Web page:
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Volvo S40

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  • volvomaxvolvomax Posts: 5,274
    05's came out in August 04.
    06's are due this August.
  • bonsbons Posts: 45
    Most European premium brands (Mbz,BMW,Volvo,Saab) have higher standards for performance and safety. There is absolutely no compromise for it.

    However value brands like (Toyota, Honda, Hyundai, etc) compromise performance and safety for the sake of economics and reliability rating.

    Example, the most common maintenance/repair in any cars is the braking system. For European brands the brake pads and rotors are replaced more frequently (due to higher standards of performance and safety) all rotors in these cars cannot be resurfaced/machined. And in some car such as Saab you might have to replace the pads and rotors every 30K (cost about $500 - $750)

    For cars produced by Toyota/Honda/Hyundai..etc you can change your pads every 30K, resurface your rotors at 60K, and in some cases you can resurface it again at 120K. So at the extreme end you'll need to replace the rotors in your Saab 6 times before you replace the rotors for the average cars. Very economical, small bills, and may lead some consumers to say "WOW" this car is reliable. In fact it just mean less maintenance, more economical while compromising performance and safety.
    Folks, Toyota/Honda/Hyundai learn and study reliability rating surveys and perceptions very well. They design their cars for their intended consumers

    Furthermore, when comparing the TSX vs. S40 one result that clearly illustrate that Volvo does not compromise performance and safey for any reason is the braking distance stat. As some have mentioned in previous posts the S-40 beats the TSX braking distance by a whopping 30 feet. Let's repeat it 30 FEET. That's a difference between going off the cliff on your ski trip in your TSX and staying alive in your Volvo, killing a woman and her kids in your TSX or stop safely in time in your S40. 30 Feet is a world of difference on the roads in case of an emergency.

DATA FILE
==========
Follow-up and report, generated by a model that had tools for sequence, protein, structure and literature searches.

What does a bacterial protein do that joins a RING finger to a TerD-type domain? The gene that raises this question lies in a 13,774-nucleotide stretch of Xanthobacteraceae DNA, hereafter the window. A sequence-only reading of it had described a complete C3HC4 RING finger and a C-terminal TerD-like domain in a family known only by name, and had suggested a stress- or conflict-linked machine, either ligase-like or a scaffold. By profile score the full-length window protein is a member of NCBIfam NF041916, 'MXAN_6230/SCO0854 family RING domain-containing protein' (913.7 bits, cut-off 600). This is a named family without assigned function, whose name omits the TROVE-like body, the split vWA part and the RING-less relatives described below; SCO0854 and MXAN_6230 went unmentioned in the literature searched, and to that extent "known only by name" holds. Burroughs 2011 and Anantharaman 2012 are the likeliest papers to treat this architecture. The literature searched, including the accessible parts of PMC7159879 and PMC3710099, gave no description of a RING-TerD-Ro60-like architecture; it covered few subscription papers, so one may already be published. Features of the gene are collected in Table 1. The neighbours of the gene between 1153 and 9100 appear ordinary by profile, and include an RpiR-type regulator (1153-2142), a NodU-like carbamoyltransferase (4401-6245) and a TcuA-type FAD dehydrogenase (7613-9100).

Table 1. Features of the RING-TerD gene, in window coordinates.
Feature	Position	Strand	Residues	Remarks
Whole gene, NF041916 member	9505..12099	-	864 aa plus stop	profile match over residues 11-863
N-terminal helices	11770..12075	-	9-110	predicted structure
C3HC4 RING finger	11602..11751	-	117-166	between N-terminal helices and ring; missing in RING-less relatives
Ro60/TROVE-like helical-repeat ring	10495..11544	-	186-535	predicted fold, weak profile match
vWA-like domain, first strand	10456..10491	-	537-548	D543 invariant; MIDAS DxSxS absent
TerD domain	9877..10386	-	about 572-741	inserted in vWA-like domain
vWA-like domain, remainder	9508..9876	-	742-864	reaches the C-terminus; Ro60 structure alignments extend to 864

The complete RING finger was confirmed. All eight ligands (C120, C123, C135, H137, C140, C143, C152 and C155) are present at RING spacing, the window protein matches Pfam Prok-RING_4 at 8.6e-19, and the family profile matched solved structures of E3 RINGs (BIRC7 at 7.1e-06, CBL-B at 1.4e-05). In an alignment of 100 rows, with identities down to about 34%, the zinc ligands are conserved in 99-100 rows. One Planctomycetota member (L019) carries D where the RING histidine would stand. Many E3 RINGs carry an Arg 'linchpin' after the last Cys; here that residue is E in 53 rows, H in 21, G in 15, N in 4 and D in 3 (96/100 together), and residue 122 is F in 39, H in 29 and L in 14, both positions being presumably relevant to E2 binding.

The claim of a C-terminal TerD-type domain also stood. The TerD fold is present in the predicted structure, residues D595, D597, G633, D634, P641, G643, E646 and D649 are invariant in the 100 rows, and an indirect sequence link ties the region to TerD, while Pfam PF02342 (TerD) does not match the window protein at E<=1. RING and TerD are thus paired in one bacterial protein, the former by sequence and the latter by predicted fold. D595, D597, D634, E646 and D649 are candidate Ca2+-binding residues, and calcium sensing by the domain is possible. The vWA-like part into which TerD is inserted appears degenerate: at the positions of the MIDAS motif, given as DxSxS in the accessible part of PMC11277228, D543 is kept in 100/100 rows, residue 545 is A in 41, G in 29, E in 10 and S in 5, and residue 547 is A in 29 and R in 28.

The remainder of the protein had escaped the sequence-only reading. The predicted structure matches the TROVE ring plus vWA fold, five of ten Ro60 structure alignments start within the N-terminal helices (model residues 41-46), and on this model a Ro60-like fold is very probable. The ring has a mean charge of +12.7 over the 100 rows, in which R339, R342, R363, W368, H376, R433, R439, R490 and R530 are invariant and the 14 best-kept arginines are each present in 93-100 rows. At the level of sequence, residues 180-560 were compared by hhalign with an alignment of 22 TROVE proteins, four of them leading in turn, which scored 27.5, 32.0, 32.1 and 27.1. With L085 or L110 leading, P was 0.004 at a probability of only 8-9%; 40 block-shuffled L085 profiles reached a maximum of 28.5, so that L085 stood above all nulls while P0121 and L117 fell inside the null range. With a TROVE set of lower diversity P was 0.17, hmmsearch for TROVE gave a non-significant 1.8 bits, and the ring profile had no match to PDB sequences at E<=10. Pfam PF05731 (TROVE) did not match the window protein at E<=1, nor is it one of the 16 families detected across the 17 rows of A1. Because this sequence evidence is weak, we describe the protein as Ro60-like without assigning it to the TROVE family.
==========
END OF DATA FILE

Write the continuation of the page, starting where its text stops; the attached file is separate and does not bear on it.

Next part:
Folks, it's not the tires, it's not the wheel, it's Acura compromising performance and safety for economics and reliability perceptions, and Volvo doesn't
    Another stat that point to superior engineering and handling of the S40 is the turning Circle 34.9 ft. for S40, and a dismal 40 ft. for TSX
  • pierolapierola Posts: 5
    I have a 2005 s40 t5 and the same happened to me twice in the last couple of weeks.....!
    when that happened to me, I just turned the system off and when I turn it on, the problem it's gone. I thought it was part of my imagination...... or a computer glitch....!
    (I didn't take it to the dealer yet)
  • creakid1creakid1 Posts: 2,032
    Ok, dusty Euro brake pads (& hence dirty wheels) could mean maximum braking power, but the 2001 Lexus demo event showed that the IS can still out brake the 3-series. So the 330i had to force the minimum rim size to be at least 17" for accommodating a super-sized rotors in order to leap frog the IS. Why did CR rate the IS #1 in safety? It's the combination of crash test & accident-avoidance ability.

    To me, the main reason I crossed out the S40 from my list is due to the dangerously-narrow rear glass width for the lack of instant lane-change info. That's also why I avoid hatches & wagons. Otherwise, the S40's beautiful driving position is the only one that allows my left finger to be in the "ready position" all the time for signaling. That's even more effective for safety than the new 3-series' brake caliper that clings closer to the rotor in the "ready position" when the driver immediately lifts off the gas.